A Virginia medical malpractice case involving the death of a patient shortly after delivering a baby was recently settled by the attorneys of Pierce & Thornton. The facts of the case involve a nineteen year old pregnant woman who presented at full term to a community hospital. After several hours of labor and an arrested descent, she was taken shortly after midnight to the operating room for a caesarean section. Approximately fifteen minutes following the successful c-section delivery of her son, she exhibited “scant” then “moderate” bleeding and decreasing blood pressure and tachycardia. The PACU nurse assessed her uterus as “boggy.” The PACU nurse alerted the defendant OB-GYN of this change in condition and defendant immediately assessed the patient. Defendant expressed clots from the uterus and noted that the fundus was firm. Defendant ordered Oxytocin drip and continued to periodically assess the patient, who continued to hemorrhage.
Approximately 15 minutes after the patient’s vitals first worsened, the physician ordered blood products and uterotonics and continued to monitor the patient, whose vitals continued to reflect hypotension and tachycardia with impending hypovolemic shock. Defendant ordered an additional IV line for fluid resuscitation and continued to monitor her patient, massage the fundus and express clots from the uterus. The patient exhibited a transient improvement in vitals but did not stabilize. The decision was made to return to the operating room for laparotomy and potential hysterectomy. The defendant ultimately performed a hysterectomy after attempting to stop the bleeding with O’Leary stitches. During the procedure, additional units of blood were transfused and additional uterotonics administered in an attempt to stop the post-partum hemorrhage. Approximately 6 hours after the hysterectomy and after transfusion of over 12 units of blood, the patient coded multiple times over a two hour period and was pronounce dead at approximately 2:15 p.m. The cause of death was DIC (disseminated intravascular coagulopathy) caused by an atonic uterus.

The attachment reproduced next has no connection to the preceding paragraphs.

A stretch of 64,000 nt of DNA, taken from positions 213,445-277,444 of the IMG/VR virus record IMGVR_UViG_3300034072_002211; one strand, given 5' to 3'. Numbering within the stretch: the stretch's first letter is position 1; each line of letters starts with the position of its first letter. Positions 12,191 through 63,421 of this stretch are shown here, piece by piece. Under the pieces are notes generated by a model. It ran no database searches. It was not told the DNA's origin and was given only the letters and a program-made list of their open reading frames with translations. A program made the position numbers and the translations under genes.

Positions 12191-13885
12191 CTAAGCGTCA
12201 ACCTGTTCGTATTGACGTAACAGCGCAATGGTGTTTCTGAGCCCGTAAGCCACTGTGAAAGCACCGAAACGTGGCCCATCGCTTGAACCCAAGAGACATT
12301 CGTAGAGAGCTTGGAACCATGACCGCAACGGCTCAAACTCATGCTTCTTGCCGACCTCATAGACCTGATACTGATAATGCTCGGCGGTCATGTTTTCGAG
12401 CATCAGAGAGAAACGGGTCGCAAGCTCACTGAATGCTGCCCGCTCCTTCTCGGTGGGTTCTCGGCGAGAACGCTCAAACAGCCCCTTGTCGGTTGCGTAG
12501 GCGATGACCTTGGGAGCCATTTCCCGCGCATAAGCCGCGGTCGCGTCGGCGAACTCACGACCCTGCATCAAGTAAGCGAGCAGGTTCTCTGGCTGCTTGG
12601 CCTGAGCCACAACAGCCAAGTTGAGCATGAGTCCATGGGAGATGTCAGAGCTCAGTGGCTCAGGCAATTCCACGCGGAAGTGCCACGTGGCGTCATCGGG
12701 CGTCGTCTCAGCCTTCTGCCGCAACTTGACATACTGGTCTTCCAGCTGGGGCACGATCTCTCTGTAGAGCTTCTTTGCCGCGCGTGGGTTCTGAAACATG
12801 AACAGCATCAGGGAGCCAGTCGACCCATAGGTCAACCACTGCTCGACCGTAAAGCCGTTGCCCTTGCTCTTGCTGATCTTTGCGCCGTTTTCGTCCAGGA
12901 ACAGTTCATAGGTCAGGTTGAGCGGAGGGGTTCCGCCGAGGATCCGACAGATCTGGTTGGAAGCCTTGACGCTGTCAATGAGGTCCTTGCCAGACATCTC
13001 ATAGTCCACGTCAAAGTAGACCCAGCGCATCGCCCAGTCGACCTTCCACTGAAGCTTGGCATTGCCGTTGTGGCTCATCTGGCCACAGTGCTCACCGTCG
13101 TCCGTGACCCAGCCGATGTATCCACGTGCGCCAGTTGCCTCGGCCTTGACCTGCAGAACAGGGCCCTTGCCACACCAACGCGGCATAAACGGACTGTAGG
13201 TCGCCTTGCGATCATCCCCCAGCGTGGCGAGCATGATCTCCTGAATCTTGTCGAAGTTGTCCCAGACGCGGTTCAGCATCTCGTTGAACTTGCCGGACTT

The allegations of negligence centered on the defendant OB-GYN’s failure to recognize the extent of the post-partum hemorrhage and act more aggressively in the resuscitation and in the decision to return the patient to the OR for a life-saving hysterectomy. Plaintiff also challenged the defendant’s decision to order cross-matched rather than universal donor blood (O negative) which was available and would have been delivered substantially faster than the 45 minutes that elapsed during delivery of the cross-matched units. Defendants contended that the OB-GYN physician had acted reasonably by assessing her patient, ordering uterotonics and fluids, blood products and had returned her to the OR within 90 minutes of first learning of her patient’s hemorrhage. The sole beneficiary in the case was the child born shortly before his mother’s death.